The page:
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Enterprise Health Checks in Oracle Solaris

Chris Beal
Senior Principal Software Engineer

I'm blogging about this now because I realise I didn't when Oracle Solaris 11.4 SRU27 came out. So it's a little bit late, but hopefully useful.

Oracle Solaris 11.1 introduced the compliance(8) tool and framework. This is designed as a security audit capability, to keep your security auditor happy it generates reports against certain benchmarks. The two main security ones are the solaris recommended security benchmark, and the pci-dss one.

When 11.4 was coming out we introduced an ehc-update (enterprise health check update) benchmark to check if the system was able to upgrade from 11.3 to 11.4.

Since 11.4 has been out for a while now (over two years) we've removed the ehc-update benchmark, as it no longer provides any value in 11.4. We have instead launched the ehc benchmark, or "Enterprise Health Check". The idea of this is to say how compliant your system is with Oracles best practices. This will be an ongoing set of improvements which will add more "Rules" the the ehc benchmark over time.

One of the rules is a replacement for the ehc-update benchmark as a whole in a single rule. It will report if you are using software that has been marked as "Legacy". Which for us means it will be removed from a future SRU.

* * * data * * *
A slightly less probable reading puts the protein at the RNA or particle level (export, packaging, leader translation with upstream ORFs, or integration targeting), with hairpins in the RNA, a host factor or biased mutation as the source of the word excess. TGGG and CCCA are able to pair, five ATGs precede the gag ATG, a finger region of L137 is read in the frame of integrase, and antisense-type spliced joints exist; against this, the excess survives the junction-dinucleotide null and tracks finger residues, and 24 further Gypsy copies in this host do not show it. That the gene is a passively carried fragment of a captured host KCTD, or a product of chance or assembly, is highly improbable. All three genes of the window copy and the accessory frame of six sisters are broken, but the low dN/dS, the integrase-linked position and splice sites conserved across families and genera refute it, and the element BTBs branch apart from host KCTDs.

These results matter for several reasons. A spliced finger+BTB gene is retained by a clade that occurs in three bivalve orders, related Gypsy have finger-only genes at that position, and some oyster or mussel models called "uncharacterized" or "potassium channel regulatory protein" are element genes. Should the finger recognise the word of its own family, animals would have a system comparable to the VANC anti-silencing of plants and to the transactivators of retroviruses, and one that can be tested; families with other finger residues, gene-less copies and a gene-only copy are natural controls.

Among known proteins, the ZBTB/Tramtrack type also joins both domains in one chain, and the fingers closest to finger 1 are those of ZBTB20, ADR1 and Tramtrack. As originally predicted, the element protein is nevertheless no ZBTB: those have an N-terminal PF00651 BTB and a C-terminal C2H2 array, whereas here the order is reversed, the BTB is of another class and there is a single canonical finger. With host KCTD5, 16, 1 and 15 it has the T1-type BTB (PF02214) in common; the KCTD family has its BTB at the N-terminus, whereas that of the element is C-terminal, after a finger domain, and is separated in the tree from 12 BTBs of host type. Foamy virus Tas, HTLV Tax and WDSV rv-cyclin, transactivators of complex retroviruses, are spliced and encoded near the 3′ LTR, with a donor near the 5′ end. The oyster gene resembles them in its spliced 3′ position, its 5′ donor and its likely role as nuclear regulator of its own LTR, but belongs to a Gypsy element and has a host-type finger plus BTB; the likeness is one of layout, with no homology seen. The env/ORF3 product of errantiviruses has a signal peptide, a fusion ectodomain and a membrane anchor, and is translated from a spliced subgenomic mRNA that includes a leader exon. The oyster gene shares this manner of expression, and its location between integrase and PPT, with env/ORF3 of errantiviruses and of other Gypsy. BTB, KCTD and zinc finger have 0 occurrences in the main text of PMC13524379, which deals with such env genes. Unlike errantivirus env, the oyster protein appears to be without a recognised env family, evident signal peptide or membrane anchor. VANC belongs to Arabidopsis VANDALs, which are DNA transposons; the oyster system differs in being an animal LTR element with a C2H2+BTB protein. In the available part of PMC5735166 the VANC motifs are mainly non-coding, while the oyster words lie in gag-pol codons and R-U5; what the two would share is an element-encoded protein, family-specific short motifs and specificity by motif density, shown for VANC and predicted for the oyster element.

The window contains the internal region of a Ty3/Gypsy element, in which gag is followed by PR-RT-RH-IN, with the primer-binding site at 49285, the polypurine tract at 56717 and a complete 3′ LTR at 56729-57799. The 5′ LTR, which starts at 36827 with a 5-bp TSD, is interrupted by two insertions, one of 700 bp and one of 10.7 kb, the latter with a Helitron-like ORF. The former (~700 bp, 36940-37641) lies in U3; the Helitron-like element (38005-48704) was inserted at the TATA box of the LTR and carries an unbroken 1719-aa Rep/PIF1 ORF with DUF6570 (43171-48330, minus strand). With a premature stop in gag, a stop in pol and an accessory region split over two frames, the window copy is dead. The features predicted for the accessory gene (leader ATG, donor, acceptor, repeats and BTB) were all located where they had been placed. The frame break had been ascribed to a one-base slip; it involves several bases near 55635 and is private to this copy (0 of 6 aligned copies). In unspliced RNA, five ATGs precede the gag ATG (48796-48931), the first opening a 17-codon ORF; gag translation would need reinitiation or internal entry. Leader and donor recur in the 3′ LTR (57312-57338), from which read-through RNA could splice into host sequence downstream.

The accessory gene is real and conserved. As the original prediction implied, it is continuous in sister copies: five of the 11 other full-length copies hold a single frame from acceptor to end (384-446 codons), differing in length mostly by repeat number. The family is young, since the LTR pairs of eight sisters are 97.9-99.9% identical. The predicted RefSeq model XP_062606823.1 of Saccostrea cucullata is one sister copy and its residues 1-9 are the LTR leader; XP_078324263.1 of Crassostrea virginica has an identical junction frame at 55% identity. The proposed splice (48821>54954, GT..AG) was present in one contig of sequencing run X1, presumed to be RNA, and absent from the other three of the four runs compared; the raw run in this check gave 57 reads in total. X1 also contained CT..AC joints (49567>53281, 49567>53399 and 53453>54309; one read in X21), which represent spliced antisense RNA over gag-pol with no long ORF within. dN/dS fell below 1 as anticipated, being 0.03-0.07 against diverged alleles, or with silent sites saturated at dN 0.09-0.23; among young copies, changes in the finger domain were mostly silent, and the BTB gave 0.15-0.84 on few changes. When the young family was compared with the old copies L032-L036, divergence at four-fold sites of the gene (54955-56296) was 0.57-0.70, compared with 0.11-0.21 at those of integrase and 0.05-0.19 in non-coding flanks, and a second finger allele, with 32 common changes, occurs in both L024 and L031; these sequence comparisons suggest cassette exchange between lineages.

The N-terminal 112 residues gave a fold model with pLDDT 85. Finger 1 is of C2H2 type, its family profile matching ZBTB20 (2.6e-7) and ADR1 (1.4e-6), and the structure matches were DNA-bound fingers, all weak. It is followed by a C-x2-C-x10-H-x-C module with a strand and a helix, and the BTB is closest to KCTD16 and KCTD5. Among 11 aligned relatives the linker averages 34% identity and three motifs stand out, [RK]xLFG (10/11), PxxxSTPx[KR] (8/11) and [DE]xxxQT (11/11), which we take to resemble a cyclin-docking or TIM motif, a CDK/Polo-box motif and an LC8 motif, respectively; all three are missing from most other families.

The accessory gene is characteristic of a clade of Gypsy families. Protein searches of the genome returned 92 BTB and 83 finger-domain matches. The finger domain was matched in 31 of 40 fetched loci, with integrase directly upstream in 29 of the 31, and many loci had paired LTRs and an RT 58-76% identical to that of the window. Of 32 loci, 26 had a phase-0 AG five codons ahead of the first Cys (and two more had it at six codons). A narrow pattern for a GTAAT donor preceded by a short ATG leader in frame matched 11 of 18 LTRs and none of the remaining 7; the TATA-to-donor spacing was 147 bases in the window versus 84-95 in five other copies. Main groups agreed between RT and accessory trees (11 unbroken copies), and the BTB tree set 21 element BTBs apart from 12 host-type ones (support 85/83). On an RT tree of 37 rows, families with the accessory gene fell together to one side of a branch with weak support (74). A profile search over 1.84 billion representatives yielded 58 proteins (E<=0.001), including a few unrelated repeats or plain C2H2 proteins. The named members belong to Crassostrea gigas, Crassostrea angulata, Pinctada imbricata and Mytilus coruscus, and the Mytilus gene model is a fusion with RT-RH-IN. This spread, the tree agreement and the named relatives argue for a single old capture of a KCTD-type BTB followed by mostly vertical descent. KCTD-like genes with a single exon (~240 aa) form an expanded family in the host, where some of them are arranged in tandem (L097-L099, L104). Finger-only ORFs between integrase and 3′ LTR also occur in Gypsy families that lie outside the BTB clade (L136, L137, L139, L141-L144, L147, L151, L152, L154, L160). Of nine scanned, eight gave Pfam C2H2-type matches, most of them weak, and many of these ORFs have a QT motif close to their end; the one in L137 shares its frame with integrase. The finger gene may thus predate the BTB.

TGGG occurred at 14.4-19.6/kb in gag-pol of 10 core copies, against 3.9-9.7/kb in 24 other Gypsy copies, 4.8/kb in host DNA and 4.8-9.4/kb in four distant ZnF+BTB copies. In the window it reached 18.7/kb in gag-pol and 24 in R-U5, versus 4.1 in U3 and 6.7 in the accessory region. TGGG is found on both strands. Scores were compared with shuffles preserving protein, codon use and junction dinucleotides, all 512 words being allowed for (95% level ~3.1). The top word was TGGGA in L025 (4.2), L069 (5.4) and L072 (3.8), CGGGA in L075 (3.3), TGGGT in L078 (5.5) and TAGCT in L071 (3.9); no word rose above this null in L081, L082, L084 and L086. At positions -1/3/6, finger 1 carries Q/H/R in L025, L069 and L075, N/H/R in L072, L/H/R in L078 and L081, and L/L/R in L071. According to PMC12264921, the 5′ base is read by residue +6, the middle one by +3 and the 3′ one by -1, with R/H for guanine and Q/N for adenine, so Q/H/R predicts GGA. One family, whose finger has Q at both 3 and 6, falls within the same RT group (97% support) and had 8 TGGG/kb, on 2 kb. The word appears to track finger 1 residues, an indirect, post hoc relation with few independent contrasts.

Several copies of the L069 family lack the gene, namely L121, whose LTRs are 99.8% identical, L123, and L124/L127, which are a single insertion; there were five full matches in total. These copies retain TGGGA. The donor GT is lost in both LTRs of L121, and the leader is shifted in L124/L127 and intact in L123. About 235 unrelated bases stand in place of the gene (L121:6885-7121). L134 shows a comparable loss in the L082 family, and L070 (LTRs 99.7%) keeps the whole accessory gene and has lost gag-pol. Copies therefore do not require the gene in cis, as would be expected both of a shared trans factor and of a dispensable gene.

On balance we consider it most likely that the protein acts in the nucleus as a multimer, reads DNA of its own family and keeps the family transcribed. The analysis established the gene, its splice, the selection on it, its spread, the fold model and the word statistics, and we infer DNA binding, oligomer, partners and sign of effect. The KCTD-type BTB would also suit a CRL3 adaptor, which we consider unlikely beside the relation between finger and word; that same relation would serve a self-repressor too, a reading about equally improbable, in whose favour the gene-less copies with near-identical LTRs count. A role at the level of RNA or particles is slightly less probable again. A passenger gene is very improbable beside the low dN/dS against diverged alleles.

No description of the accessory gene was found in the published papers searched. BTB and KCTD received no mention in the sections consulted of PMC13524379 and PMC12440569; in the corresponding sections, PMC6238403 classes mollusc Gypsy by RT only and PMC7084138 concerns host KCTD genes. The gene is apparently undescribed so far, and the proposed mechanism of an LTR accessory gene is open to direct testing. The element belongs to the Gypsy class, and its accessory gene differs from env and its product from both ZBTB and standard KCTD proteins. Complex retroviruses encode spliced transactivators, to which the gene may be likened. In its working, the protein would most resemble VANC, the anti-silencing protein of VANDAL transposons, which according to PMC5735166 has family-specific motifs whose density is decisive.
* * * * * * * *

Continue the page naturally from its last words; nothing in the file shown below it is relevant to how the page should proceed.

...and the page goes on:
To get this benchmark you need to install the ehc-solaris-policy package using:

# pkg install ehc-solaris-policy

It can be updated independently of the main parts of Oracle Solaris so periodically run:

# pkg update ehc-solaris-policy@latest

That way any new rules can be run without changing the version of Solaris you're running.

To run the benchmark it's as simple as:

# compliance assess -b ehc

There are lots of options to customise (or in compliance(8) language tailor) a benchmark. So if there are things you know about and don't want to be reminded of, they can be removed. You can also run the benchmark on a number of different systems using a roster.

All the reports can be retrieved via RAD/REST, and you get a nice html report showing the state of the system, and the output of the rules giving corrective actions.

Here's one I prepared earlier:

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